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August 5, 2014

Non-Compete Agreements Survive Another Legislative Session

Massachusetts legislators have once again declined to amend Massachusetts law relative to non-competition agreements, which operate to ban employees who sign them from working for competitors after they leave a company. According to the Boston Herald, the final version of a proposed Massachusetts economic development bill will not include language placing limitations on non-compete clauses, as many of those opposed to non-competes had hoped.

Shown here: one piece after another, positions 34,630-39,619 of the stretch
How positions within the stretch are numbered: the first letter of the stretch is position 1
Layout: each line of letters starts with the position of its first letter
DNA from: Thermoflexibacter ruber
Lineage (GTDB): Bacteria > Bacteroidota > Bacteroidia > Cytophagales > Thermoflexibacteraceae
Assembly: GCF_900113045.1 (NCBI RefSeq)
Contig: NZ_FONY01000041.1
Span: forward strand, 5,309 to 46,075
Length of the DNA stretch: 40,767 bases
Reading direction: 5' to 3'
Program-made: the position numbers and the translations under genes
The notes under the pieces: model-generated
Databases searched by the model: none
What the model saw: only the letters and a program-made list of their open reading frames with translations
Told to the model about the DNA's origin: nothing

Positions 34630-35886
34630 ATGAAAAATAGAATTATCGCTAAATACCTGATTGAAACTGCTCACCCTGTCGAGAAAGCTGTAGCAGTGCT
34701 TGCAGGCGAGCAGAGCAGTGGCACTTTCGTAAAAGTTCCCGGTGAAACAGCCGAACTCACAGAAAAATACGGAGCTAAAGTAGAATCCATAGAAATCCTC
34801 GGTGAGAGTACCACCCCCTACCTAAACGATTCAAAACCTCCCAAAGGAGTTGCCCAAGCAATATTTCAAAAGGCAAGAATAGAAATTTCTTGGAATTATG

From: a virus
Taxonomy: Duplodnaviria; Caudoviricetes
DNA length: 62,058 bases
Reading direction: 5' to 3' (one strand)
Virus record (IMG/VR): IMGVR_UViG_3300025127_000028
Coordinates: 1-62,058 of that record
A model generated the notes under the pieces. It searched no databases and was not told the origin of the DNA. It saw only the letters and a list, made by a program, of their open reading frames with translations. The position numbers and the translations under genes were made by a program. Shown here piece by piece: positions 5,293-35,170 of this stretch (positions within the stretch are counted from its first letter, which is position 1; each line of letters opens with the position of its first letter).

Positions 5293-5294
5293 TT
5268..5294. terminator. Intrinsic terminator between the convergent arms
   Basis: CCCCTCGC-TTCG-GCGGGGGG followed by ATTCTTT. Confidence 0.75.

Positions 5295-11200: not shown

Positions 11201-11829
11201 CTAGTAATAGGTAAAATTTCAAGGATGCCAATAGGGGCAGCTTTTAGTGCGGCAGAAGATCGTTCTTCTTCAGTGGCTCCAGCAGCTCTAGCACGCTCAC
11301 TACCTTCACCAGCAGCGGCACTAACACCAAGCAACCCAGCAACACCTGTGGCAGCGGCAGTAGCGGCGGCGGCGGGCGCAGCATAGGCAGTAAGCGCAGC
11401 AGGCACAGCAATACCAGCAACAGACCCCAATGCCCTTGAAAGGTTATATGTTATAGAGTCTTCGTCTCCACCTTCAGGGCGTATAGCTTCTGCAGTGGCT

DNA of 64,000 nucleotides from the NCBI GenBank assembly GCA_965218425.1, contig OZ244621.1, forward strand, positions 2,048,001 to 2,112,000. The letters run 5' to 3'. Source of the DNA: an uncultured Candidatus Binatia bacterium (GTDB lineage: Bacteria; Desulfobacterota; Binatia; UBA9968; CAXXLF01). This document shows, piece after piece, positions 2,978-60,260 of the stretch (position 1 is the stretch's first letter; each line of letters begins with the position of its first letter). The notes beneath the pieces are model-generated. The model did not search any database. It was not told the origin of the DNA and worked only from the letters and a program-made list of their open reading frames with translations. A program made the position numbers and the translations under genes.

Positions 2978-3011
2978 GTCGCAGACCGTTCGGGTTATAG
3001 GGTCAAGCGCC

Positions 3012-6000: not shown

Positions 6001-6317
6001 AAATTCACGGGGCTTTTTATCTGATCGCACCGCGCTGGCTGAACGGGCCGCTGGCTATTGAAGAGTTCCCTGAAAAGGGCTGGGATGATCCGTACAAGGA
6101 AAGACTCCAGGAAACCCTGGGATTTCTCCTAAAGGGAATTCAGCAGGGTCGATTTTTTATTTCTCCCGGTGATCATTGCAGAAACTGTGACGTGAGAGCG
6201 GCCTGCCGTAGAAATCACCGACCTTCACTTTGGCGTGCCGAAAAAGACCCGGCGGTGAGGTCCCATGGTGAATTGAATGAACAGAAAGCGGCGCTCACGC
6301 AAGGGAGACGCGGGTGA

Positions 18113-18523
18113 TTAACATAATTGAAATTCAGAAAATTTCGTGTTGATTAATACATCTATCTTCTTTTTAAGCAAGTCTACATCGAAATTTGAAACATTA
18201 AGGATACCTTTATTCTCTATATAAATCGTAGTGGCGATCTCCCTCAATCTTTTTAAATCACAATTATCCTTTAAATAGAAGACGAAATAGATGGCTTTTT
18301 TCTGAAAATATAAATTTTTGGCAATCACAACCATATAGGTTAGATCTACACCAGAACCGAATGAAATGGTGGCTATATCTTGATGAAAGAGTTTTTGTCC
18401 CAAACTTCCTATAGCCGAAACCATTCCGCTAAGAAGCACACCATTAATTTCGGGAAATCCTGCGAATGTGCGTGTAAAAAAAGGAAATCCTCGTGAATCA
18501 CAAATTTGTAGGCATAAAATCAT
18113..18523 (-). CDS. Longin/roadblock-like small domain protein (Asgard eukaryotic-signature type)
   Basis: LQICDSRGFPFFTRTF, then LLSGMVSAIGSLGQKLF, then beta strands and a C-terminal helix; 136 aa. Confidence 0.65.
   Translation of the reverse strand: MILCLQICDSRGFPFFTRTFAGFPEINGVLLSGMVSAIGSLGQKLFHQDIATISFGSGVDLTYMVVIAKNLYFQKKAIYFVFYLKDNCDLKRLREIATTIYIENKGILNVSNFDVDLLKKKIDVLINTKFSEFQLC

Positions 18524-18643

The legislation has been hotly debated for years. Most of those in favor of keeping non-compete agreements valid and enforceable are employers and owners of large organizations intent on protecting their business information and intellectual property. Earlier this year, as part of a larger economic development bill, Massachusetts Governor Deval Patrick proposed an outright ban on non-compete agreements. As a compromise, Governor Patrick later suggested that Massachusetts adopt the Uniform Trade Secrets Act, a federal act currently in use by 46 states as well as Washington, DC. The Uniform Trade Secrets Act aims to protect employers' intellectual property rights without necessarily limiting employees' ability to change jobs.

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